They all managed it, though Aleister was completely overwhelmed by the gang members ((Ganging up on someone and spending an exchange or two to use maneuvers to layer on the Aspects is a devastating tactic.)), and wound up conceding the fight – he had the gang members kick the crap out of him and dump him in the Liffey. Inside the house, the veiling the characters used kept the ogre from effectively targeting them, and then Kate threw a handful of iron filings into his face to keep him distracted. Rogan tripped him up with a chair, and Firinne swapped the lamp for a manikin’s arm that she had glamoured up to last for a few minutes ((She also left a taunting note, being a trickster-style changeling herself. THAT’s not gonna come back to bite her, at all. Good use of a compel, I thought.)).

So, they got the sign back, got Aleister to the hospital, and called it a night.

Over all, I think the game went quite well, and everyone seemed to have a good time. It was fairly light, and everyone took to heart the dangers of violence ((Especially at their power level.)), but they’ve also made some interesting choices about the sides their on, and there’s going to be an ogre Snowbird looking for a certain witch with payback in mind.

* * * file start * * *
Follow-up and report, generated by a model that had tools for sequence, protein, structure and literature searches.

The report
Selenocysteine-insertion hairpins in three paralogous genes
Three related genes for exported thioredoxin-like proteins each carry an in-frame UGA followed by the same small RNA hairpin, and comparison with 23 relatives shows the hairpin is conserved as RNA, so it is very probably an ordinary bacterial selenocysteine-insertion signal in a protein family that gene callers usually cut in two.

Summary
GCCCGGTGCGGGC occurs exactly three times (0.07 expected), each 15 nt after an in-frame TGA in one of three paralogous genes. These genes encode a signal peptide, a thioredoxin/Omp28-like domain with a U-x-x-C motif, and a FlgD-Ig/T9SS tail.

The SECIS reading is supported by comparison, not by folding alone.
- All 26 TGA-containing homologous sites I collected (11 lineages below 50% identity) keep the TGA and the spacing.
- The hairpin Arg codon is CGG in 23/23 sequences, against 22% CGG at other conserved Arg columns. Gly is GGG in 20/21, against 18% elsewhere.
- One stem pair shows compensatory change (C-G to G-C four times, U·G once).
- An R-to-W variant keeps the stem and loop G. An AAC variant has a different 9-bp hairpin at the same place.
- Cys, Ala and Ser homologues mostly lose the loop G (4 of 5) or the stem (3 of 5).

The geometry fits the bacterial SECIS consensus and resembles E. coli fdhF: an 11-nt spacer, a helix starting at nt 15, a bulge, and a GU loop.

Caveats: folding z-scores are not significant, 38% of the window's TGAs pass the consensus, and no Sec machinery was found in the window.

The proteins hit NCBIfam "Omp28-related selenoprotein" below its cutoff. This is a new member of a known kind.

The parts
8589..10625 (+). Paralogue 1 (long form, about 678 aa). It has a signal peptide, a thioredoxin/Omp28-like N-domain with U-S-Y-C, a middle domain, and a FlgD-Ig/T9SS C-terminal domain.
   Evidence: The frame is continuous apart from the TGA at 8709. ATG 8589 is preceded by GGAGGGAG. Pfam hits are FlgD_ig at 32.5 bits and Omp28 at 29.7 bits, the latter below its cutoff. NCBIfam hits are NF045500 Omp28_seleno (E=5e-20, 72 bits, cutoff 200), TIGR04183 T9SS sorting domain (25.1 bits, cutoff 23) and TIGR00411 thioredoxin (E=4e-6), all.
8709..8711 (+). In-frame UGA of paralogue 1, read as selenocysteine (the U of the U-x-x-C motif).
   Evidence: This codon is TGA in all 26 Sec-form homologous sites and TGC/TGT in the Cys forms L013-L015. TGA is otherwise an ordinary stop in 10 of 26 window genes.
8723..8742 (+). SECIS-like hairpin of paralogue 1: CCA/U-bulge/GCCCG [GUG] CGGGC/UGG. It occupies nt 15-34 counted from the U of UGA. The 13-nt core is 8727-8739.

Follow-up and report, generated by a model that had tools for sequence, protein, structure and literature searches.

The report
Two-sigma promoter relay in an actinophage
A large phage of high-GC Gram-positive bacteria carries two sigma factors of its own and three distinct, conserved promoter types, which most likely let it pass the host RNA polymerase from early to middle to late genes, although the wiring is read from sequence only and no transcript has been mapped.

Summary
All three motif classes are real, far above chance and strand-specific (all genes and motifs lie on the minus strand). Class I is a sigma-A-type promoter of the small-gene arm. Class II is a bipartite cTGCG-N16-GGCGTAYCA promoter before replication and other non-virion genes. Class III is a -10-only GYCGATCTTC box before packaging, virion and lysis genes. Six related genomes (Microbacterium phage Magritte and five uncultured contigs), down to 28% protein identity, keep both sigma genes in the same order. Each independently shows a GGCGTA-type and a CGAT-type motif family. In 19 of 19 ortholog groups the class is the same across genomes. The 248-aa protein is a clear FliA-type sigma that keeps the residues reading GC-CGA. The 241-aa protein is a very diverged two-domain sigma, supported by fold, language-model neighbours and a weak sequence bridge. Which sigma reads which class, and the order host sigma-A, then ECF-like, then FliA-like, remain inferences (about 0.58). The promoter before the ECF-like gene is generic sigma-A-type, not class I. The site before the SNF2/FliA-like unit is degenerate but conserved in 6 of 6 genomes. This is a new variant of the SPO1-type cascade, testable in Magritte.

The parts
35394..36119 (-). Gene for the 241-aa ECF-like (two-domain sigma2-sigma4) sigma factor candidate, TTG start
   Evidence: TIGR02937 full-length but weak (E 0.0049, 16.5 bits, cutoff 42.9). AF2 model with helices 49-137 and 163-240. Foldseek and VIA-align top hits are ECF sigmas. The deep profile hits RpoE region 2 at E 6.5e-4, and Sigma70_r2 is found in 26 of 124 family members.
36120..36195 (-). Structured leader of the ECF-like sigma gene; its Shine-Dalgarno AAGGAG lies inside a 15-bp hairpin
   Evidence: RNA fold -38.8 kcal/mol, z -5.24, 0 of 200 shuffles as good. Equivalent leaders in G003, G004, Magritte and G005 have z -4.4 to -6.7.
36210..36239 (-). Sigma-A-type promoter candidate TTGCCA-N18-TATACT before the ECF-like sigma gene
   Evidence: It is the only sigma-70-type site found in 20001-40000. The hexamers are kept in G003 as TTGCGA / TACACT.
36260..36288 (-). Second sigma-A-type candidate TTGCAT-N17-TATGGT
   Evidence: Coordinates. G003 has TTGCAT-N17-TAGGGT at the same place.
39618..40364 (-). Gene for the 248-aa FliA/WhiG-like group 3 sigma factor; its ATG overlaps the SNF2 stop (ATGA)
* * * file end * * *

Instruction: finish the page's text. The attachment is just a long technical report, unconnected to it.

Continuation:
Yeah, I call it a win.

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2 Responses to Feints & Gambits: Armless

  1. Rel Fexive says:

    Sounds cool!

  2. Michael says:

    My favourite part was when Aleister sprang to his feet on the rooftop and did the Sandmen call with the paintball rifle over his head in order to get the fae to chase him. 🙂

    Sandy and I discussed how effective ganging up on one target is very effective. Many fae attacking Aleister made it very difficult to respond. As well the ogre, had a hard time of it due to several people co-operating against it.

    It was a hoot!